If you were one of the members of the Environment community who turned out for our amazing reunion events you may have noticed alum Julie Sperling, who is the City of Kitchener Artist in Residence, and a SERS alum is leading the mosaic activity.
As a mosaicist, Sperling exists at the intersection of art, environment, science, and policy. Since 2014, she has been creating an ongoing series of mosaics about climate change. Most recently, she has been using her art to engage the public on climate action through her role as Artist in Residence for the City of Kitchener. She firmly believes in the important role that artists have to play as advocates, activists, and change-makers.
With a table set up in Environment 3, many participated in putting together a unique mosaic that will adorn a wall in the new EV2 student space. Dean Jean even got in on the fun by hammering a few pieces of stone.
Passers-by will appreciate the use of different materials in creating a mosaic that expresses the diverse systems that make make up environments, as well as a few Easter eggs just for grads like Sperling. Can you spot it below?
We caught up with Sperling for an artist Q&A on the project:
How does it feel to be back at ERS? Which year did you graduate again?
I graduated from my undergrad in 2004 and my Masters in 2006. It's definitely interesting to be back at FES again. The faculty has grown and changed so much in the decade since I was here, in a good way. I'm so impressed by its vision and how it has evolved over the years. It definitely makes me very proud to be an alumna.
Your relationship to your personal environment informs your work: How did your time on UW campus influence you?
My time at UW was fundamental to how I approach my art. I clearly remember taking a class in my 2nd semester that was entirely devoted to climate change, which put that issue firmly on my radar and gave me a glimpse into its breadth and complexity. Little did I know then that it would become the central focus of my art all these years later. In addition, my time in ERS and then in Geography prepared me to be able to talk confidently and clearly about the issues I portray in my art. As an artist-advocate, this is key; creating the art is important, of course, but the explanations that I offer alongside the mosaics make it even more nuanced and effective.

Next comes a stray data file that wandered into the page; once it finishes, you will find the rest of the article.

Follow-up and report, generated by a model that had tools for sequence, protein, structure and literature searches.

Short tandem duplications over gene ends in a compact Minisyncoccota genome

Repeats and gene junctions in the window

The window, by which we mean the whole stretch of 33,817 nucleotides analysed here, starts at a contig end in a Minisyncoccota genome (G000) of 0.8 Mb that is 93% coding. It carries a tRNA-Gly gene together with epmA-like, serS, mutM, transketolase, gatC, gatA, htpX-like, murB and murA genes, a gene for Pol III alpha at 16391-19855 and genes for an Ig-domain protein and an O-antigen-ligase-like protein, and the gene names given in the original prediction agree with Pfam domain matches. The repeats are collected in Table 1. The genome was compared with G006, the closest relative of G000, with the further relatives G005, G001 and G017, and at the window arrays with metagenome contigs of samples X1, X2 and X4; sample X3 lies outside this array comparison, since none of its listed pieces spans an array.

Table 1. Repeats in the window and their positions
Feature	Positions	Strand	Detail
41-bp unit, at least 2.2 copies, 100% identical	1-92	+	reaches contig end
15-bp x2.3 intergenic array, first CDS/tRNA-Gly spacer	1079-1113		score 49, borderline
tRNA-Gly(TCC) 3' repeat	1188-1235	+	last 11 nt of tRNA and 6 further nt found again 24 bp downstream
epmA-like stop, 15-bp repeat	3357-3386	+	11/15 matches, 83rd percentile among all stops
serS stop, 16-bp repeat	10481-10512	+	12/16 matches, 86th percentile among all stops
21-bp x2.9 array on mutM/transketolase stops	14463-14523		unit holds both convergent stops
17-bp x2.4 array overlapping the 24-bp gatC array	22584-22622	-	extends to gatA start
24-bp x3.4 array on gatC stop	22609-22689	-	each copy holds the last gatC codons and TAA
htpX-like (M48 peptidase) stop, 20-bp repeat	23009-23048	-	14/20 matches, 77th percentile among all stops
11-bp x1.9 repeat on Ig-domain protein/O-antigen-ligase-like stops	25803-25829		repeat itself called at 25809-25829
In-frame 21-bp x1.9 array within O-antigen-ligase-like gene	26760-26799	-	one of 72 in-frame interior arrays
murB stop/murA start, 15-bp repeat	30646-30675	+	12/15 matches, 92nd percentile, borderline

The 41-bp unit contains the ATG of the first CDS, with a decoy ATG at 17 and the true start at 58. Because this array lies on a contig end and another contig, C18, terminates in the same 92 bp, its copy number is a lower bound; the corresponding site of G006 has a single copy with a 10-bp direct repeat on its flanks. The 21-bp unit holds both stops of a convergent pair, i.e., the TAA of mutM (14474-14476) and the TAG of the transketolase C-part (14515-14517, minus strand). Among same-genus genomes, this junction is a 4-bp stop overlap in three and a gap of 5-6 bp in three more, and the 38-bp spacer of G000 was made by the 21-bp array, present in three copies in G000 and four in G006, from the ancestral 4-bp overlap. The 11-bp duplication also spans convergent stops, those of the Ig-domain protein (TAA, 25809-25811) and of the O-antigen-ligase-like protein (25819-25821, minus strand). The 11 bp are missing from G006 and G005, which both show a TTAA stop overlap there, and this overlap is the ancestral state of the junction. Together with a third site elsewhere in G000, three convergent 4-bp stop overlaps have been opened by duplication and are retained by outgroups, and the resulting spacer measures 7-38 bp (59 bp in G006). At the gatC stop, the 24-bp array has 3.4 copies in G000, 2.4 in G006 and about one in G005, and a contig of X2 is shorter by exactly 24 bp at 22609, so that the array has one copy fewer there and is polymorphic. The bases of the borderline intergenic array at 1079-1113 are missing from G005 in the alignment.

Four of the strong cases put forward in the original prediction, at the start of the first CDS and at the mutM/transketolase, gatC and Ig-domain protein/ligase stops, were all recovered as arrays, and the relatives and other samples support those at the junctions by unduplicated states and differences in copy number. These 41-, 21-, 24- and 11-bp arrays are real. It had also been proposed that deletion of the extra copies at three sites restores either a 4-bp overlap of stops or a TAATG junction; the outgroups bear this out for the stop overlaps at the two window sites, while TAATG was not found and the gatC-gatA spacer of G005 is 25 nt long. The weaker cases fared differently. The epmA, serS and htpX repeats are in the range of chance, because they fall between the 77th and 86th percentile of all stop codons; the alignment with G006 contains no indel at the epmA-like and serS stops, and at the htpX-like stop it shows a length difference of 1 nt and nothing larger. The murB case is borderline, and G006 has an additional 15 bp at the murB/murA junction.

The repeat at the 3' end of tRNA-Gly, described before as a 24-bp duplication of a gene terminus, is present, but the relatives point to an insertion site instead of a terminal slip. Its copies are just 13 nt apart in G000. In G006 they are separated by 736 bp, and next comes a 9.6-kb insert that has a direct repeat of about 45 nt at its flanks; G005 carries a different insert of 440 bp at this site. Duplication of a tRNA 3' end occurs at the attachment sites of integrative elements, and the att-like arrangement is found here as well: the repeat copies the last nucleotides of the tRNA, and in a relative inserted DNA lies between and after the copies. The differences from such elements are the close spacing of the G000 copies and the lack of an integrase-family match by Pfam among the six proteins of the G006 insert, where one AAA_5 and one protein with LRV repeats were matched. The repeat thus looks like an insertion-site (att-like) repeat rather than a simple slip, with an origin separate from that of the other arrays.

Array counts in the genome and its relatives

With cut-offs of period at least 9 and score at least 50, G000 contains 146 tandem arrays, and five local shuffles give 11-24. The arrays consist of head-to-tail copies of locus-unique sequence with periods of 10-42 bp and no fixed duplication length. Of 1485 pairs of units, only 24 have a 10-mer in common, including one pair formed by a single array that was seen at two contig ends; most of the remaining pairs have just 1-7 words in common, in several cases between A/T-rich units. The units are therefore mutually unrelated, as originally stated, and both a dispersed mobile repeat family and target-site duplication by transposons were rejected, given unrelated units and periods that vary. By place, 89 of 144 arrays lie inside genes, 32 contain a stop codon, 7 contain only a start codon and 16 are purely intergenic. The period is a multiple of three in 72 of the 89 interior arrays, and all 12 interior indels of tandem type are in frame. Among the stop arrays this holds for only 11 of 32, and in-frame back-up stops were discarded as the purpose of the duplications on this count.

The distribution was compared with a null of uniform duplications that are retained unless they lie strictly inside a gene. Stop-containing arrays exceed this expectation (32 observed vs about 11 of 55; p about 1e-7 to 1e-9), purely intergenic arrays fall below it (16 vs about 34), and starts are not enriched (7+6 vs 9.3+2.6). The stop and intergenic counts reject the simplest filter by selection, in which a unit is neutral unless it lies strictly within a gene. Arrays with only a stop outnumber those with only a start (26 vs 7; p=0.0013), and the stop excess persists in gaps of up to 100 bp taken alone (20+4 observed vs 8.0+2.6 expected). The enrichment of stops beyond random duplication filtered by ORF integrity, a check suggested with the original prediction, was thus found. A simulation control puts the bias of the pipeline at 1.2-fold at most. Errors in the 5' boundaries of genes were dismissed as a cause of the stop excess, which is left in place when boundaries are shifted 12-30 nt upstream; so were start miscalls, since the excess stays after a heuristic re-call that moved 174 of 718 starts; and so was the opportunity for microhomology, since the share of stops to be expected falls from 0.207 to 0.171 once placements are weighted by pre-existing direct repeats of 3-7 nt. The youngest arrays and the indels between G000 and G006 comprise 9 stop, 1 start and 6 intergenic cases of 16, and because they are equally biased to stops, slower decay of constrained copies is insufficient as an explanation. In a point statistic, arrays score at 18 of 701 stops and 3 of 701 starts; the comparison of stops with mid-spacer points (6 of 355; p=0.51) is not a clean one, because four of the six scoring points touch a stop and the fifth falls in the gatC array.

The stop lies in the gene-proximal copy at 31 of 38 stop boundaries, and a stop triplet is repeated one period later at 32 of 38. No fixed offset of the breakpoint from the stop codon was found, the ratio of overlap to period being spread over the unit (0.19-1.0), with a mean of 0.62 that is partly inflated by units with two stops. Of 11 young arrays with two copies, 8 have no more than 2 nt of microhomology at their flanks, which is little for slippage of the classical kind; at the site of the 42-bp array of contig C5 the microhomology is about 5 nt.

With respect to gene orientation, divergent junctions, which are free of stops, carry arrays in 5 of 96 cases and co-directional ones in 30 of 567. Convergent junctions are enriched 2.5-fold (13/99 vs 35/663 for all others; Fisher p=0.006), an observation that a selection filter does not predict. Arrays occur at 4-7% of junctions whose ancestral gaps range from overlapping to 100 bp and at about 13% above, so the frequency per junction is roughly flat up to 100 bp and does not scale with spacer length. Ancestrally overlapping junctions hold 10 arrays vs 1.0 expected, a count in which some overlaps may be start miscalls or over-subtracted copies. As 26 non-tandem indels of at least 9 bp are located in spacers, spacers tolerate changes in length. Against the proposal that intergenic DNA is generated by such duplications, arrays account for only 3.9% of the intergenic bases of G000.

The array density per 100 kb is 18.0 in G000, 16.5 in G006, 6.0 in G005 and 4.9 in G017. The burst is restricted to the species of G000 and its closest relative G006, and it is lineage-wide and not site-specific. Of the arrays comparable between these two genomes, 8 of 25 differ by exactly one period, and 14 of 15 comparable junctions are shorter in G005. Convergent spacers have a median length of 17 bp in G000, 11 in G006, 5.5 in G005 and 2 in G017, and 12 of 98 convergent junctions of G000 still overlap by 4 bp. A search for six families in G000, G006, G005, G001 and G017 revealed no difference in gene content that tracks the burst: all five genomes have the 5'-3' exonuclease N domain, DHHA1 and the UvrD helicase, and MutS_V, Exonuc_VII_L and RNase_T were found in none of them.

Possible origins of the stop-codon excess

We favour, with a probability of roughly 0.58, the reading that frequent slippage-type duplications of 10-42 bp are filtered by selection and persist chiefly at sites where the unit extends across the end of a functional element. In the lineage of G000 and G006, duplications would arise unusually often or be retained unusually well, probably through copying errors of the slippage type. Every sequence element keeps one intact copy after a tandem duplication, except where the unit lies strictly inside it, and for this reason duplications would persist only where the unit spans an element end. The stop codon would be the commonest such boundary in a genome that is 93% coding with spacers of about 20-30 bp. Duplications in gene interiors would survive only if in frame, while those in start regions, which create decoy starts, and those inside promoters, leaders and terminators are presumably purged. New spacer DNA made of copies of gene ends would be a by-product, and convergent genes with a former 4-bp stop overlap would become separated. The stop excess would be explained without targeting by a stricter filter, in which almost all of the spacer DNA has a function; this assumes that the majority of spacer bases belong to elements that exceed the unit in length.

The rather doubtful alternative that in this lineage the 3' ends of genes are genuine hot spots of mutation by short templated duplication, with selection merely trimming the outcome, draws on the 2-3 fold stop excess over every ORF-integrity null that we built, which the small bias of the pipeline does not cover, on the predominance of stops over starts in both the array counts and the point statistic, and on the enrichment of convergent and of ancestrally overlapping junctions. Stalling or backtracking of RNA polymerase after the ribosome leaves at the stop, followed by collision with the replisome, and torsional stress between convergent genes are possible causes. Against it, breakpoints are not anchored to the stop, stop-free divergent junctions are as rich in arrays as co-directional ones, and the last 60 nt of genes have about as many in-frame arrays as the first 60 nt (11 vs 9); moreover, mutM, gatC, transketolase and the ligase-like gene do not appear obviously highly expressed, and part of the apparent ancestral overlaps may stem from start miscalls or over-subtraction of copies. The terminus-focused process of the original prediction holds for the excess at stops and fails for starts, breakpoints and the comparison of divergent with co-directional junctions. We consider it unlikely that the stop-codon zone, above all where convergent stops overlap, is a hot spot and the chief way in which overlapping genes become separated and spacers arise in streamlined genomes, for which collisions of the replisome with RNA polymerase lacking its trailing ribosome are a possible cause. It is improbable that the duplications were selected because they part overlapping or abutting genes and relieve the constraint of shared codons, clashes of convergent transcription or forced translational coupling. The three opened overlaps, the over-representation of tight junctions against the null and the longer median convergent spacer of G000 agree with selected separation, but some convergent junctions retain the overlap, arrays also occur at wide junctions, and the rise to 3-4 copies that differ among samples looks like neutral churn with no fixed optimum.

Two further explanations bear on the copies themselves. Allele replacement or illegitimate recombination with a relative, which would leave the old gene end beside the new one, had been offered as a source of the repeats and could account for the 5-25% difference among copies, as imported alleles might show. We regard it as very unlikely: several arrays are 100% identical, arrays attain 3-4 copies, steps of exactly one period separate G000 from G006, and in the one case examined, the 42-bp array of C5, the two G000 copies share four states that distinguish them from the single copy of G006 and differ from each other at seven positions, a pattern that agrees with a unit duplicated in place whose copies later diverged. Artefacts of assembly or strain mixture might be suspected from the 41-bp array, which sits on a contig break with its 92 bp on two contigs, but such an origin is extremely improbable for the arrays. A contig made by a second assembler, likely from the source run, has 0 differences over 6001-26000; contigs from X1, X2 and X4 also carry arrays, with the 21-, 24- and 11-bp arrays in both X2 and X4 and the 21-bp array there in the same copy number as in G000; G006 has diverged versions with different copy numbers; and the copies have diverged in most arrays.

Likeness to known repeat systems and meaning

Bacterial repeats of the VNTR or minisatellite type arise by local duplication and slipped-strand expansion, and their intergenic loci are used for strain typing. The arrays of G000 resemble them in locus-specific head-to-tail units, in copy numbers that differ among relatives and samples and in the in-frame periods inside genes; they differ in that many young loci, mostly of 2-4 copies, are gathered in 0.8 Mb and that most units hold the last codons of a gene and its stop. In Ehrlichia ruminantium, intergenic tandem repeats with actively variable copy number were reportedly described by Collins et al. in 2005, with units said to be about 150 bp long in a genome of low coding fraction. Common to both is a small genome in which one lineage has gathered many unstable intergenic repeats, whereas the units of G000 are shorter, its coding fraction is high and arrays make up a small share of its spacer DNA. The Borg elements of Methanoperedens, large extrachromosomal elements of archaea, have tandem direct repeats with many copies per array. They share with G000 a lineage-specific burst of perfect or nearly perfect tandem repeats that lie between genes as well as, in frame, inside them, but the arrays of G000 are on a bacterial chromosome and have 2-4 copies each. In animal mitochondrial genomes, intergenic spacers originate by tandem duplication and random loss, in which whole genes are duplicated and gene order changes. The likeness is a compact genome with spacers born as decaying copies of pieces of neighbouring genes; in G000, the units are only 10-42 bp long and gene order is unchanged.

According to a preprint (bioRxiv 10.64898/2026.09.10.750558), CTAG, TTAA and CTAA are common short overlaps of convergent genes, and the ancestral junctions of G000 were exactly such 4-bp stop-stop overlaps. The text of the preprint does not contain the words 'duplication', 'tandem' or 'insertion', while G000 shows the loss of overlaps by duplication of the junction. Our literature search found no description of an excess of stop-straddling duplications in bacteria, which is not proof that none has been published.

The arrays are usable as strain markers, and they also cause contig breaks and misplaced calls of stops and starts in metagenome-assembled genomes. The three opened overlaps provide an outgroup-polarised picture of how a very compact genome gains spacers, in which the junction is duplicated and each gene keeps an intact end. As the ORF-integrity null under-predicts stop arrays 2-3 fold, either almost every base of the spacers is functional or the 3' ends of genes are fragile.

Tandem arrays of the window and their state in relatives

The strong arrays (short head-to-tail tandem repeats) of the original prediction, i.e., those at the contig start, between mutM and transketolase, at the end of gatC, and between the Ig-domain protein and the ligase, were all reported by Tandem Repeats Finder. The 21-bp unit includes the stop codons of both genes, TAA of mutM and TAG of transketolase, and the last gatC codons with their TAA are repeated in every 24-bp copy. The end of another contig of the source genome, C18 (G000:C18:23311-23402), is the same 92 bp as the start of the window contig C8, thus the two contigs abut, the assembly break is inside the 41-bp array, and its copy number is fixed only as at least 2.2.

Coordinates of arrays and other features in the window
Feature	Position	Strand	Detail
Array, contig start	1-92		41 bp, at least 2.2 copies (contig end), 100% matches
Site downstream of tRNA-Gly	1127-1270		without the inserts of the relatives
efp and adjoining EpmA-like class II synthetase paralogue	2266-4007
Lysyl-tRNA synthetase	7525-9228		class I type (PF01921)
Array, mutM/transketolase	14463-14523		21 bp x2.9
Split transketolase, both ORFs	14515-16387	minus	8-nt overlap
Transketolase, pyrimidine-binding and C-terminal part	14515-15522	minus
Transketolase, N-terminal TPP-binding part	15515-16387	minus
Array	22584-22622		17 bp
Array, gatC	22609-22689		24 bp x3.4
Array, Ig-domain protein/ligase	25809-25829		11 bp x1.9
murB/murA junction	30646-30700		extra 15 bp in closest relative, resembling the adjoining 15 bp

As a visual artist, why choose mosaics as a medium?
I actually fell into mosaic quite randomly. I think it chose me more than I chose it, and it was mosaic that made me a visual artist. What keeps me coming back to this particular medium is that it is so hands-on and full of possibilities. Mosaic, for me, is an adventure: I can never quite predict what a stone will contain, how it will break, what it will feel like, what sort of personality it will have. And when I'm building my mosaics, I feel like an explorer, like I am simultaneously creating and discovering new geographies and topographies, never 100% sure where the next piece will take me.
On top of that, mosaic offers so many possibilities for talking about a subject like climate change, in particular because of its materiality. I can use things like coal and shale to talk about something like black carbon or to serve as a proxy for the fossil fuel industry, or I can use shells that I subjected to my own home ocean acidification simulation, or actual bones from my meat-eating friends to talk about how eating less meat is an effective way to lower your own carbon footprint. I could go on and on!
Any advice for Environment students who either make, or enjoy visual art?
The first thing that springs to mind is to never underestimate the power of art (visual or otherwise) to engage people, inspire them, and move them to action. Art can touch people in ways that just straight facts and logic can't. For those who want to advocate through art, I would offer the following: once you find your voice and your issue(s), advocate in the way that makes sense to you. I do it one way, but it's not the only way. There are so many different people we're trying to reach on so many issues that different approaches will resonate with different people. We need all kinds of artist-advocates.